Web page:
Doris Day: An appreciation

Doris Day around the time of Tea for Two (1950). Image source: Billboard

I had long thought Doris Day only worthy of disdain. She was the perpetual virgin, the whitebread archetype of marriage and suburban conformity whose signature song was the bland "Que sera, sera," belted out in Hitchcock's 1950s remake of The Man Who Knew Too Much.

But in the past few years I've come to realize that my contempt was misplaced—I had been seriously underestimating her. Day was a triple threat: she could act, dance (she clearly had ballet and jazz-tap training), and sing everything from torch songs to Broadway show-stoppers. In fact, it was the film version of a Broadway show (Pajama Game) that was my Doris Day conversion experience.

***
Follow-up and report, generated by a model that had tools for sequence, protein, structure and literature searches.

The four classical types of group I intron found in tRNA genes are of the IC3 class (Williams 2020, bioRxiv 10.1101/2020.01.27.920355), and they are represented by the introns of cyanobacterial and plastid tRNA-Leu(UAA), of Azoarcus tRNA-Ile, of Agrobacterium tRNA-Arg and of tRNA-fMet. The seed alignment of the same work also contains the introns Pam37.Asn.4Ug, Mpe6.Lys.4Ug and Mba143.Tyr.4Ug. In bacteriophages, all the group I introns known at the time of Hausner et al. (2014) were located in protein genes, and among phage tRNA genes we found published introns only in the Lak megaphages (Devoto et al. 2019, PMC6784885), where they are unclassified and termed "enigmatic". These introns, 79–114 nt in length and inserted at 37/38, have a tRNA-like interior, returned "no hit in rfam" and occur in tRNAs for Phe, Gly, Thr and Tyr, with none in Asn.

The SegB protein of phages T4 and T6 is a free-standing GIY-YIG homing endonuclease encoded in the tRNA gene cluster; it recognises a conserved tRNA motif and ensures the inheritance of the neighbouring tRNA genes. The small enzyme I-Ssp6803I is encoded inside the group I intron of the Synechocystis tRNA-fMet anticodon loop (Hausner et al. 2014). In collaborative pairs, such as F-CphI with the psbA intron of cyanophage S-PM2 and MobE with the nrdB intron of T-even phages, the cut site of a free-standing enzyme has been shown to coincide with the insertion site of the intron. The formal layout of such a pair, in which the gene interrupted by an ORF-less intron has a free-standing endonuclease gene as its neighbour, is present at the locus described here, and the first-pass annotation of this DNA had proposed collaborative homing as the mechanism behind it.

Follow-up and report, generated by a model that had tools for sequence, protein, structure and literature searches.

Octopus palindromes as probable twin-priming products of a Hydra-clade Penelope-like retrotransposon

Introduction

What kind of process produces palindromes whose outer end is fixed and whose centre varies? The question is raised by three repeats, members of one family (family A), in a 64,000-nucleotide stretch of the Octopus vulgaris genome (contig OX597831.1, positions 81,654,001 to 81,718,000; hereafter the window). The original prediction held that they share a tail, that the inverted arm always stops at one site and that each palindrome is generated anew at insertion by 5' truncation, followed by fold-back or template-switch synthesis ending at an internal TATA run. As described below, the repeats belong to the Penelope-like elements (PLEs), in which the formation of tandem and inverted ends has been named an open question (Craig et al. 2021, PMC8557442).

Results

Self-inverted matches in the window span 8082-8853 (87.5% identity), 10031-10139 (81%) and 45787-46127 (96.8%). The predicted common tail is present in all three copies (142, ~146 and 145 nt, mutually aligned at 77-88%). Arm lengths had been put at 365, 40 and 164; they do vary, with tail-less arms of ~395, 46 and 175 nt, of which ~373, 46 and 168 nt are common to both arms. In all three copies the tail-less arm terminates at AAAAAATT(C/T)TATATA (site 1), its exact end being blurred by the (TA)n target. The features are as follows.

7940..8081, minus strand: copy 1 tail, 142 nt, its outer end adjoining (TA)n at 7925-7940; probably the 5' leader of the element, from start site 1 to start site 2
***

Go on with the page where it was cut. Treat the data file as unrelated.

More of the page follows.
Her virginal image also belied her real-life experience. By age 17 she was a big-band singer, and at age 18 married trombonist Al Jorden. He beat her during a pregnancy to try to induce a miscarriage, and they divorced before Day turned 20. At 25 as she was filming her first movie Romance on the High Seas she was two years into her second marriage, to saxophonist George Weidler, but the union was in serious trouble (they divorced a year later). As her co-star in that film, Oscar Levant, once quipped, "I knew Doris Day before she was a virgin."

Two years after her second divorce she married for a third time, to producer Martin Melcher, only to discover at the end of her film career that he'd bankrupted her. And she yet went on in her mid-50s to marry once more (the triumph of hope over experience, surely; that marriage also ended in divorce).